More than two decades ago, Bob McKillop, his wife, Kathy, and their three young children - Kerrin, Matt and Brendan - picked up their lives in New York and moved to Davidson.
This year, all three McKillop men - Bob, 59, Matt, 27, and Brendan, 22 - will play a prominent role in Davidson basketball.
Bob enters his 22nd year as head coach, Matt is in his third season as an assistant and Brendan is in his senior year and is the starting point guard and co-captain for the Wildcats.
"We always talk about the Davidson basketball team being a family, but for Brendan and I, I think it is easier to see that," said Matt.
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"Davidson basketball has been a part of our lives every day for the past 20-some years."
During Bob's time at Davidson College, he has witnessed a lot of changes and has been through the highs and the lows.
"When I started here at Davidson, there weren't too many boys who wanted to be Davidson basketball players when they grew up," said Bob.
"But Matt and Brendan literally grew up with the program. They lived and died with every game. They cried after every loss, and they celebrated every win. That commitment cemented a love for the program that I think very few people have."
This season may be the last Bob, Brendan and Matt spend together in the same basketball program, as the youngest McKillop enters his final season as a player.
"Being on the Davidson basketball team has been a dream come true for me," he said. "It's hard to believe that (my senior season) is here. The past three years have flown by. Right now, I'm trying to take advantage of every second I have left here as a student and a player."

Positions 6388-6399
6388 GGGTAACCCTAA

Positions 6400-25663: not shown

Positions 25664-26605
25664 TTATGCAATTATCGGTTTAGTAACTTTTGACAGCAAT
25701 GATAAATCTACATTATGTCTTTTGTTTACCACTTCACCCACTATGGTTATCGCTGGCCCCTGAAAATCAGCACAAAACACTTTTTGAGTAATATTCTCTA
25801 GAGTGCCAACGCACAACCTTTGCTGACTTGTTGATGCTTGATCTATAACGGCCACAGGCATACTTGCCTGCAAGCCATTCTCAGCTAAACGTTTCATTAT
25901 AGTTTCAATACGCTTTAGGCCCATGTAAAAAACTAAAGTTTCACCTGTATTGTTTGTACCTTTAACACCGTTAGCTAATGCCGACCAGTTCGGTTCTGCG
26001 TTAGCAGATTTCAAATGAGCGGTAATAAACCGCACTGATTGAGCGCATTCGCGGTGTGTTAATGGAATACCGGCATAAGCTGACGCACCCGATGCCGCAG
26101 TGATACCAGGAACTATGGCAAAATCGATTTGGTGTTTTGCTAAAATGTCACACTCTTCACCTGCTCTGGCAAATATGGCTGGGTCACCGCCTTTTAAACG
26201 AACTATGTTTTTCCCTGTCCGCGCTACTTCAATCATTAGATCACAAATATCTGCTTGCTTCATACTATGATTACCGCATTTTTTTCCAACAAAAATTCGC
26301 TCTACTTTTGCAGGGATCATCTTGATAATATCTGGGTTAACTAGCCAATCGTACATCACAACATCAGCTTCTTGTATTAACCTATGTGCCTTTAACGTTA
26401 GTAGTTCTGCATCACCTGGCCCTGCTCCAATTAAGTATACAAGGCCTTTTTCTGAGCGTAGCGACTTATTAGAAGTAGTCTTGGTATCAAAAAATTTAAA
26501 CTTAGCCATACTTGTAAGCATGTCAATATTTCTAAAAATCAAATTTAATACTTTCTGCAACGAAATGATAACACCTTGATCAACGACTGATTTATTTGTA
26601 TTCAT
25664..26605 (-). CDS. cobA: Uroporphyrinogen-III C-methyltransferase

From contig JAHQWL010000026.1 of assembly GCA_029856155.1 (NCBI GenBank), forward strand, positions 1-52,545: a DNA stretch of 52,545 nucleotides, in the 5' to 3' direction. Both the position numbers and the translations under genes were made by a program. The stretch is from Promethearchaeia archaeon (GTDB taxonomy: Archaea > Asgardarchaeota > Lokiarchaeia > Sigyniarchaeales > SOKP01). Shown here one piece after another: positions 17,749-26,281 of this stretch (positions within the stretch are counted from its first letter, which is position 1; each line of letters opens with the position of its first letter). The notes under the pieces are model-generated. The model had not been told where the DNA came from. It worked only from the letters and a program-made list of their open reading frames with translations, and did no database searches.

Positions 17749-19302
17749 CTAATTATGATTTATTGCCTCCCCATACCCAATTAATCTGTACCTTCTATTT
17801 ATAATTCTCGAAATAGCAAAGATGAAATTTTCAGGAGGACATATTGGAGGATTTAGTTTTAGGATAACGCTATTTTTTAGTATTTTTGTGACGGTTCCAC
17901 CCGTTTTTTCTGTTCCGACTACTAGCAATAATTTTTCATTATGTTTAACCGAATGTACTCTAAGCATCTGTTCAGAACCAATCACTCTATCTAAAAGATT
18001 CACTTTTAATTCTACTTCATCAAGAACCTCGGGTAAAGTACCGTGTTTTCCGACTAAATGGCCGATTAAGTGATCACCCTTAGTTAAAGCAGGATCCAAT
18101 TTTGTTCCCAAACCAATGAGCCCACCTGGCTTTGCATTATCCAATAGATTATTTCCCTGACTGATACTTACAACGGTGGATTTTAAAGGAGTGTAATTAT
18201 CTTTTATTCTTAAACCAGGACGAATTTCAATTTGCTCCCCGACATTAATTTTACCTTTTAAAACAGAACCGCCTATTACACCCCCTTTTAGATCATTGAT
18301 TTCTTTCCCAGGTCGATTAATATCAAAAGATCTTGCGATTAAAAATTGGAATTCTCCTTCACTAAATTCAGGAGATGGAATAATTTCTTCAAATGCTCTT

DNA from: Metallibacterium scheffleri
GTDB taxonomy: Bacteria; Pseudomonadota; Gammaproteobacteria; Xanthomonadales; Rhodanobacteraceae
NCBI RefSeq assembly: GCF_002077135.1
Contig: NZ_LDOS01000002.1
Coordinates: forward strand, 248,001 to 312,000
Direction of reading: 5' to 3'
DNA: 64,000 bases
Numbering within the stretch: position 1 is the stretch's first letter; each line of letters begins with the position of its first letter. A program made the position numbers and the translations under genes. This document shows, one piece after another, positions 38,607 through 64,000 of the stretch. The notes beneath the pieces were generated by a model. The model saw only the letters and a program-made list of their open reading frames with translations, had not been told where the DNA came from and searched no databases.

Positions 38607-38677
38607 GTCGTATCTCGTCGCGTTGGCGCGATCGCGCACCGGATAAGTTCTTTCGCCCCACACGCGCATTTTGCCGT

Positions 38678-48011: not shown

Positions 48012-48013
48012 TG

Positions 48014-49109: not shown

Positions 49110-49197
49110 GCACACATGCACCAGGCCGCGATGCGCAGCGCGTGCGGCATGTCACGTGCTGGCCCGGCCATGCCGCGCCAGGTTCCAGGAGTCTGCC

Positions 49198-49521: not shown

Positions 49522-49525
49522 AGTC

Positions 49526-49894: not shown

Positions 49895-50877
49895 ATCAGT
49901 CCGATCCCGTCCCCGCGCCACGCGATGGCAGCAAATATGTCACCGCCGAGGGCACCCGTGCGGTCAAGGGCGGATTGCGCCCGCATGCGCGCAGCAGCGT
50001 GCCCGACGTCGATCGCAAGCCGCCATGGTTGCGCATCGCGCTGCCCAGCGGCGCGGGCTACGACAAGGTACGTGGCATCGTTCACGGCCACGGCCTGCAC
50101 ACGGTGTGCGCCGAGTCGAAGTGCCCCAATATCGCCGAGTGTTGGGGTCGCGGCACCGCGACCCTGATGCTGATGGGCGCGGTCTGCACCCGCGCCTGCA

All three McKillops have taken advantage of their time at Davidson.
Bob is the winningest coach in Wildcat basketball history with 383 wins. He won't be alone on the bench as Matt, one of his four assistant coaches, is just starting to come into his own as a coach after being a key part of the program as a player from 2003 to 2006.
Matt's Davidson teams won 77 games and went to an NIT and NCAA tournament.
Brendan has followed in the footsteps of his brother, already winning 73 games, and has also made trips to the NCAA and NIT tournaments.
Brendan admits that he had to think long and hard about whether he should play for his father, until speaking to Matt.
"He told me that no coach in the country would work harder to make me a better player than my father," said Brendan. "Four years later, he was right. (Dad) pushes you to another level. It's rough at times to be the coach's son, but in the end, it has all been worth it and then some."
After last season's 16-15 mark, Brendan, his father and brother are looking for bigger and better things.
"Last season was painful after all the success we've had lately," said Brendan, who is the lone senior on this year's team. "We are just looking forward to getting back on the court and getting back to level of success that Davidson is known for."
While the McKillops get along great most of the time, they also certainly have their moments when Bob has had to challenge his sons on the court, and they have also questioned their father. Matt has the advantage of having spent time on both sides of the equation, as a player and coach.
"Matt is the balancing act on our team and in our family," said Bob. "He keeps me from going at Brendan or the other players too hard. I've also been known to bring the job home and talk about basketball at the dinner table. Matt won't have that. He isn't afraid to tell me that I can't talk about a backdoor cut while we're eating."
The Wildcats travel to Philadelphia to kick off their season against the University of Pennsylvania in the Palestra in their season opener Nov. 13.
For Bob, Matt and Brendan, the upcoming season will be a time to remember regardless of what the record books show. However, all three hope to end this chapter of the McKillop family history on a strong note.
"There's no doubt that this year is going to be a special time for our family," said Bob.
"I think I've been very fortunate to not only watch my sons grow as young men, but also as Davidson basketball players. There are not too many families that get the opportunities to do what we have done."